In announcing the postponement, Sen. Reid made the following statement (emphasis added):

“In light of recent events, I have decided to postpone Tuesday’s vote on the PROTECT I.P. Act.
    There is no reason that the legitimate issues raised by many about this bill cannot be resolved. Counterfeiting and piracy cost the American economy billions of dollars and thousands of jobs each year, with the movie industry alone supporting over 2.2 million jobs. We must take action to stop these illegal practices. We live in a country where people rightfully expect to be fairly compensated for a day’s work, whether that person is a miner in the high desert of Nevada, an independent band in New York City, or a union worker on the back lots of a California movie studio.
    I admire the work that Chairman Leahy has put into this bill. I encourage him to continue engaging with all stakeholders to forge a balance between protecting Americans’ intellectual property, and maintaining openness and innovation on the internet. We made good progress through the discussions we’ve held in recent days, and I am optimistic that we can reach a compromise in the coming weeks.” (Jan. 20, 2012)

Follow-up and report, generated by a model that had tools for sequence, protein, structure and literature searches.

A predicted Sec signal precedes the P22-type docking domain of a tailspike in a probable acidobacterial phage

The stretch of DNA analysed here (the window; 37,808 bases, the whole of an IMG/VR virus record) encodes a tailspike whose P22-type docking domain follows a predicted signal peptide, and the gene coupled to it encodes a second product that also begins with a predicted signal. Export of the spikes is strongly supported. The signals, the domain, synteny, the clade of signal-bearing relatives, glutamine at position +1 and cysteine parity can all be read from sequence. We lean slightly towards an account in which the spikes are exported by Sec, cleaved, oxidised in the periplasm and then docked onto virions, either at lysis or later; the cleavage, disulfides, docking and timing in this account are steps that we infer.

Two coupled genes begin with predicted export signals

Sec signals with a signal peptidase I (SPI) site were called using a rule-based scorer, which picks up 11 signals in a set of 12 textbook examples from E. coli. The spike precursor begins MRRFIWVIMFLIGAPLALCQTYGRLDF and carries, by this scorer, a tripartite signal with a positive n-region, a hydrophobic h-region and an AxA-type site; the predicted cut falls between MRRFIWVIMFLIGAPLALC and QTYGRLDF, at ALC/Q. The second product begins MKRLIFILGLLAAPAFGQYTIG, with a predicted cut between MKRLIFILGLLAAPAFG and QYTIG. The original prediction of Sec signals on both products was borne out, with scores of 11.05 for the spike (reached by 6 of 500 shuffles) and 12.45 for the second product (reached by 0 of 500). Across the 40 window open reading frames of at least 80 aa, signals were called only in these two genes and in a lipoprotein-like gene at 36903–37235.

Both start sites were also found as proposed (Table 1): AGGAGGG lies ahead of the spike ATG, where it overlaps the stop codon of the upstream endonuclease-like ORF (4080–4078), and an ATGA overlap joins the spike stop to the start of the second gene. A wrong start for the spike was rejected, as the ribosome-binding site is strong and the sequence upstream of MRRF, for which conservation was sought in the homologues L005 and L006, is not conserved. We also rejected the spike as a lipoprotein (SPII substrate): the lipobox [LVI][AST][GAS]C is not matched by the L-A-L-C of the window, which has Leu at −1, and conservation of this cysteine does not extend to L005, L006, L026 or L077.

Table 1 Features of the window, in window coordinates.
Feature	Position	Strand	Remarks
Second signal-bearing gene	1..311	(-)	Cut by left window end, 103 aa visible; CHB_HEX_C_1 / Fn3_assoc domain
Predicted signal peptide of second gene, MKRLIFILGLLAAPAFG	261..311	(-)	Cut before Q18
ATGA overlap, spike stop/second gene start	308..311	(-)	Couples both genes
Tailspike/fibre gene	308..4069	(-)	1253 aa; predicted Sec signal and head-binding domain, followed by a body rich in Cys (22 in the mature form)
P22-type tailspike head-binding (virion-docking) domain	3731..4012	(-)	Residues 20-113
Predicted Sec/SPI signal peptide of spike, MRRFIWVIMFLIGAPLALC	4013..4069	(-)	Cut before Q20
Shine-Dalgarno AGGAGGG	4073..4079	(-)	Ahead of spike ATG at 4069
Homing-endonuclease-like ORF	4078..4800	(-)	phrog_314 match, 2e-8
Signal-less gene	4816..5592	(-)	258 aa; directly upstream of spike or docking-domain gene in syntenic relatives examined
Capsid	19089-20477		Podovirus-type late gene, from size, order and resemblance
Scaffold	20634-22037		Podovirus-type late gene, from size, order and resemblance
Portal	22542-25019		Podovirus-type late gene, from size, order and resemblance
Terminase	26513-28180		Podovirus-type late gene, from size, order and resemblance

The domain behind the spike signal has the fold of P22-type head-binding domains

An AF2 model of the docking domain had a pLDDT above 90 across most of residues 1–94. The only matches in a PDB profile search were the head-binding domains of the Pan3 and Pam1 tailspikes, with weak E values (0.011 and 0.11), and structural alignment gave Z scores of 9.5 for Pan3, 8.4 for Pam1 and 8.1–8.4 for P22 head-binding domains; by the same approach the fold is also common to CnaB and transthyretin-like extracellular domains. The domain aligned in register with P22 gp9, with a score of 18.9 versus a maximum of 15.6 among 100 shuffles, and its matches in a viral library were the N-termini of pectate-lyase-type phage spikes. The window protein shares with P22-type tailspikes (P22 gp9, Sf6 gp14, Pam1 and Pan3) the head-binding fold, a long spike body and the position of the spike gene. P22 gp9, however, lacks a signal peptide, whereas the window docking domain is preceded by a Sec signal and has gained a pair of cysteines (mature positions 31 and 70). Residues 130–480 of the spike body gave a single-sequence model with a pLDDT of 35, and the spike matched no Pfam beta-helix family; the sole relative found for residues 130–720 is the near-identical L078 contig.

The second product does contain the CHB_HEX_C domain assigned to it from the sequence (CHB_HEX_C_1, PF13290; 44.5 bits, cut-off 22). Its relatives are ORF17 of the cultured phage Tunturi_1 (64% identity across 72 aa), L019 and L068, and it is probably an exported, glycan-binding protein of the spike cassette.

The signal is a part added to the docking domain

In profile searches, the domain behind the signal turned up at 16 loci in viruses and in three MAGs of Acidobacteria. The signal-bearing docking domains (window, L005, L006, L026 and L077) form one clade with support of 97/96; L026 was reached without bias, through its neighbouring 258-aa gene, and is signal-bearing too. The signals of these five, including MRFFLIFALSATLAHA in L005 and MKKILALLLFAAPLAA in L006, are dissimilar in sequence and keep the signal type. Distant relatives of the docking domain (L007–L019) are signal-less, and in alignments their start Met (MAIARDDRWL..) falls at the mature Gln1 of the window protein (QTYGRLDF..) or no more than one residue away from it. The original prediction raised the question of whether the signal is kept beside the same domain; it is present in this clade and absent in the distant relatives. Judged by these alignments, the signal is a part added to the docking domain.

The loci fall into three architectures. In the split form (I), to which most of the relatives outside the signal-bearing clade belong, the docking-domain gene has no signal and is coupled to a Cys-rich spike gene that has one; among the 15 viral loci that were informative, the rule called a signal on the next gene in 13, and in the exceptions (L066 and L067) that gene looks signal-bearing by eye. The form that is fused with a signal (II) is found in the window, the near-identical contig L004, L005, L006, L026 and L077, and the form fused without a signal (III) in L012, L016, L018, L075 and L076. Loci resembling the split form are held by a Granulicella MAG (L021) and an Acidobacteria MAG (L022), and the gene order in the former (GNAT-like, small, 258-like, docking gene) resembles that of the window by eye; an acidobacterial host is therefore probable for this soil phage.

Sen. Leahy issued several public statements just before – and in the wake of – the Jan. 18 protests:

SOPA – Current Status

The Stop Online Piracy Act (“SOPA”) (H.R. 3261) was the bill most clearly targeted by media coverage and the Internet blackouts in the last few days. The bill is currently on hold, and no hearings are currently scheduled to finish the markup process, in which a Manager’s Amendment had been proposed, followed by several amendments to it. The amendments would have modified the Manager’s Amendment, which would then be introduced formally as a new version of SOPA.

Rep. Lamar Smith, Chairman of the Judiciary Committee, similarly issued several press releases on SOPA recently that explain further the progress of this bill through the Committee:

  • Dec. 15: SOPA Has Strong Support
  • Dec. 16: Markup Shows Strong Support for SOPA
  • Jan. 13: Smith to Remove DNS Blocking from SOPA
  • Jan. 14: SOPA Meets White House Requirements
  • Jan. 17: Stop Online Piracy Act Markup to Resume in February